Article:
House Of Cards: Netflix Show Revisits 2000's ESEA Authorization
If, like me and a few others, you spent all or part of the weekend watching episodes of Netflix's new dramatic series, House of Cards, you emergef from your cave this chilly Monday morning tired and edgy. Perhaps you went back and tried again once the week started. According to Atlantic.com, a Netflix marathon often leads to a Netflix hangover.
Why a hangover? Well, like many shows these days -- Dexter, House, Breaking Bad, etc. -- the central characters here (Kevin Spacey as a Southern Congressman, Kate Mara as an ambitious journalist) aren't particularly admirable or moral human beings.
What makes the show watchable -- in addition to the never-ending concerns about whether the characters will do more awful things (they will!) or get caught (mostly not!) -- is that it's got negotiations over an education bill as a backdrop.
Yes, like Season 4 of The Wire and Won't Back Down and a raft of recent shows, education reform is the high-stakes backdrop for this Washington DC thriller.
But is it realistic, or any good? To tell you a little more about this -- which I must (otherwise I watched four and a half episodes in vain) -- involves revealing a fair number of plot points (ie, spoilers). So read below without any expectation of my keeping secrets.
The basics are there -- charter schools vs. district ones, vouchers, liberals and unions vs. moderates and reformers, testing. The staffers look and act ridiculously young. The political operators and the policy wonks are often speaking past each other. The union folks are smart and concerned about the things they should be smart and concerned about.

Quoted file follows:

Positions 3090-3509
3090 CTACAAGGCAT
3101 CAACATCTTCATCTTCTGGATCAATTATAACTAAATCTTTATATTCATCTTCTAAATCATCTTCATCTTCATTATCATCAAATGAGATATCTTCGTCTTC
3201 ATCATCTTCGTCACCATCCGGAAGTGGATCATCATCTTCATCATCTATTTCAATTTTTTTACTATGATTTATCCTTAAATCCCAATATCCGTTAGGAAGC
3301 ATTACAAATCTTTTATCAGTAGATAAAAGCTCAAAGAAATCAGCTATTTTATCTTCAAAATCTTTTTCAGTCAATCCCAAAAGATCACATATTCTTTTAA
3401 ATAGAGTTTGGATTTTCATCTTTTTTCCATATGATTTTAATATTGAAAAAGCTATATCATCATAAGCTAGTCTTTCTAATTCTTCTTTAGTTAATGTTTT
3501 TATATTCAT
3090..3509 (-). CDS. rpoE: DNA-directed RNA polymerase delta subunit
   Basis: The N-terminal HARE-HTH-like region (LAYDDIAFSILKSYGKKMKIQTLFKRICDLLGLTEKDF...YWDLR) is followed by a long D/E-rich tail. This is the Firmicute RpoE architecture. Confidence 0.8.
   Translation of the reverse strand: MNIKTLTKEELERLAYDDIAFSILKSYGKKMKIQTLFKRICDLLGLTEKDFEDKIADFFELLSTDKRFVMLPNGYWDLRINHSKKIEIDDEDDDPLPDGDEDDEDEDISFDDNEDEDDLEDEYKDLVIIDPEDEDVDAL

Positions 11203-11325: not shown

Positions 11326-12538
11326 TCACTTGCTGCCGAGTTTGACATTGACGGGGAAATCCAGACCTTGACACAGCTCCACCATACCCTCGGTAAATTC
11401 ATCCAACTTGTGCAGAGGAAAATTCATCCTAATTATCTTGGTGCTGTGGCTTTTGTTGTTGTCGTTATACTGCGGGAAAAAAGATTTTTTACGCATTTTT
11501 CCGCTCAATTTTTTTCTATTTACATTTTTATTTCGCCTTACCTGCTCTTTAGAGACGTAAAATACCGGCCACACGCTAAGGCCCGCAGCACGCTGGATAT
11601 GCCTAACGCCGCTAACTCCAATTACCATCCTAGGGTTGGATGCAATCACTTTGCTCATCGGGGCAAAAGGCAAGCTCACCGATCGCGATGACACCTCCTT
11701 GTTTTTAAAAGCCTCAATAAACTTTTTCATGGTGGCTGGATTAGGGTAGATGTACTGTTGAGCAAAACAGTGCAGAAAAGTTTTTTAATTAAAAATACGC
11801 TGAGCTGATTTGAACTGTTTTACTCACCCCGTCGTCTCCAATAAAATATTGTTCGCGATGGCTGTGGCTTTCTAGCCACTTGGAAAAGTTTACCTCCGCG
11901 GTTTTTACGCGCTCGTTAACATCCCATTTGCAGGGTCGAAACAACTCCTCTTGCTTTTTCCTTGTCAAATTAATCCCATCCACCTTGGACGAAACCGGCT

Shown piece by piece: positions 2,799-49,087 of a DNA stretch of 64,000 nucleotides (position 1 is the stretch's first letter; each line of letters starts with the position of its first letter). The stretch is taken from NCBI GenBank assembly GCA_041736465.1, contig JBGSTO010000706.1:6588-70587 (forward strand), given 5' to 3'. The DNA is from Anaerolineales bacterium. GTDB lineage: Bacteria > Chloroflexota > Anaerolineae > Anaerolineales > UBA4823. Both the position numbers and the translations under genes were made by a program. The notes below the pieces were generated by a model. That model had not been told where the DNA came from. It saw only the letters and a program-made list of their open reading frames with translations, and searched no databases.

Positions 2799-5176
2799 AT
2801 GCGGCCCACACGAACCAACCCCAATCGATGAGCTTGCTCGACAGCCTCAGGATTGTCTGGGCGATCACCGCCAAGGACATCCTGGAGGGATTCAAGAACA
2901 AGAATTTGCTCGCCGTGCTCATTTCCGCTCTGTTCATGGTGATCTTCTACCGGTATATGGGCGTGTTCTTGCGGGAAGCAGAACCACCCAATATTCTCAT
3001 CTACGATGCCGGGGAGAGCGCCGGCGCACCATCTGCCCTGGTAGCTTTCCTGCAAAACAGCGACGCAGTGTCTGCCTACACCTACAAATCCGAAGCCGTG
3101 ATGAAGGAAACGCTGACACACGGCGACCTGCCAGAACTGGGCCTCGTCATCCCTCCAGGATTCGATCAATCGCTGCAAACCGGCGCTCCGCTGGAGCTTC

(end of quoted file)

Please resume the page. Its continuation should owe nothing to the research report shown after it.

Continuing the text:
But it never feels like any of the main characters really knows or cares about education, per se. So far as I got into the series, they could have been working on a health care bill, or a transportation overhaul, or a budget. Perhaps there's a payoff further down the line, something that makes for a stronger connection to education policymaking in particular?
Even more problematic and off putting, there are tons of unrealistic and anachronistic elements to the education issues being discussed:
The new President picks education reform as an easy issue over other issues like immigration. ("Everyone can get behind education.") Right.
Some of the language they use and the issues they're discussing -- "performance standards," testing frequency -- also sounds very 199os to me.
One of the supporting characters is a hapless liberal wonk, a Paul Wellstone who's brought in, wants to ban vouchers and talk subsidies, then used and discarded. If there are folks like that around any more -- Bernie Sanders -- there aren't many.
Maybe the writers are catapaulting us back to 2000, when President Bush came to office and -- very much like in HOC -- put a Congressional leader who was more interested in making a deal in charge of the process.
Kevin Spacey is a Democratic John Boehner!
I'm not the only one who's noted the anachronisms (which aren't limited to the education debate). "The content of the show often feels curiously old-fashioned, especially in the context of its innovative format," notes Wired in Netflix's House of Cards Offers an Uneven But Promising Look.